Are you able to extend the benefit of the doubt to the people around you, or do you tend to think inside your own bubble? Has anyone ever assumed the absolute worst about you? Do share your experiences!

Haven’t listened to my podcast Create, Inspire, and Empower yet? Start at the beginning with Episode 1, by clicking here.

12 thoughts on “Nice parking a$%hole: Leading with compassion”

  1. I am so sorry for your loss Dominique. It is indeed a very trying time and deserves compassion. Your reaction to the note was well placed and how you later analyzed the situation to give the benefit of the doubt to someone who may or may not deserve it surely showed that we must be compassionate and mindful of others at all times. Thank you for bringing me down to reality. Thank you for your thoughtfulness in your time of grieving.

    1. Dominique Dennery

      Thank you Barbara. I was touched by your comment. Loss opens our eyes to what is truly important. Wishing you all the best.

  2. This is a very moving blog Dominique, which reminds us all to take pause and be more compassionate – to look for the humanity in others when we see someone falter – rather than rush to judgment. Sending you love and holding space as you remember your beautiful Mom … she certainly passed along her strong values that allow you to turn such a difficult circumstance into a lesson about compassion. Hugs

    1. Dominique Dennery

      Lisa, thank you for your support during these times. Your comment gives me pause to reflect too. Mom did model for us what it is to be kind and compassionate and I aspire to follow her example. Speaking of which, you are such a model and I wish you the best with your book and foundation to help bring compassion to the workplace!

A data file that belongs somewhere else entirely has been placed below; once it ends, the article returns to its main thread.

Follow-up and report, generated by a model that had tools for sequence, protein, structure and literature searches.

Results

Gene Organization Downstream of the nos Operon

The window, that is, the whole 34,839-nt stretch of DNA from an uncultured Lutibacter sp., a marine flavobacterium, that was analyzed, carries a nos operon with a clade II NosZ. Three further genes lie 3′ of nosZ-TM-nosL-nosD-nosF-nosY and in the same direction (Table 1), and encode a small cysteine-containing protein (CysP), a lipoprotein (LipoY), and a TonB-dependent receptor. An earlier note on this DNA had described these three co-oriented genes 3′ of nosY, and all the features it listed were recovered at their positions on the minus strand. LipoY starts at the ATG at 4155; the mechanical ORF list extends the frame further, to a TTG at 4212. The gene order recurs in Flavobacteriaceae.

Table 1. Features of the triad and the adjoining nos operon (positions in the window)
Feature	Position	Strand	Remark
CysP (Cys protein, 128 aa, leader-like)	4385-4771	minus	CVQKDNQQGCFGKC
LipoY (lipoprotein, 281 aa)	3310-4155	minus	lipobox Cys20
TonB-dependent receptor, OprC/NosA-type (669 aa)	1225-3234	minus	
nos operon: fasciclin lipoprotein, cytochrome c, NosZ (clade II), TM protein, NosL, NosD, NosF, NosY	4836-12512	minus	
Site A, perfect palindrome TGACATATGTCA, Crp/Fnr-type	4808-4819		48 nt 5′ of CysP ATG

3. I’m sorry for your loss Dominique. Thank you for your blog. It’s an important message that I will remember in my day-to-day encounters.


    1. Dominique Dennery

      Thank you Hilary. I read your lovely message but could not find words then. Responses like yours encourage me to keep on writing!Take care.

  4. My sincere sympathies Dominique to you and your family.

    Having had an opportunity to meet your mom at sculpture exhibit showed me what a beautiful and smart woman she was. I see where you get it from.

    Thanks for sharing your feelings and your advice on compassion which we often forget in our chase from one thing to another with no time for retrospective nor compassion for ourselves/others.

    1. Dominique Dennery

      Yogi, I wanted to say thank you for your words about my Mom. Also, your comment about us chasing life and not reflecting. So true. A loss does force a person to be still and feel her humanity. Hope you and yours are well. Take care!

  5. How, just wow. I love that you are brave and honest and compassionate Dominique. Thank you for a beautiful reminder of life’s lesson to be good to one another. You are right, we never never know what life’s experiences one has had to make them the way they are… I sometimes think we all need a tattoo on our hand to look down and remind us “HUMAN.” Good days, bad days, anger, hurt, damage, compassion – the works. I am sure my instinct upon reading the note would have been anger. I love your honesty of your hurt (yup…would have been hurt), numbness (could not have dealt with that on top of the grief), and anger. I love where you ended up .. forgiveness. I don’t know if I’d have gotten there without true time to reflect.. and you my dear, do this. Your reflection on these lessons in order to let go – inspiring. This was a great reminder from a woman that practices what she shares…and yay, it gave me something lovely to think about in growth today! xoxo Sending you a beautiful hug on this sunny albeit cold Friday. J

    1. Dominique Dennery

      Jules, my reply never made it to the page. life was a blur after losing Mom and witnessing Dad’s last week. Thank you so much for your lovely words. I remember reading them and being moved by your compassion and wise observations. The tattoo sounds like an excellent idea. At birth! Thank you for your encouragement. It is true that writing about these experiences is cathartic and does enable me to let go and grow. Big hug to you wise soul!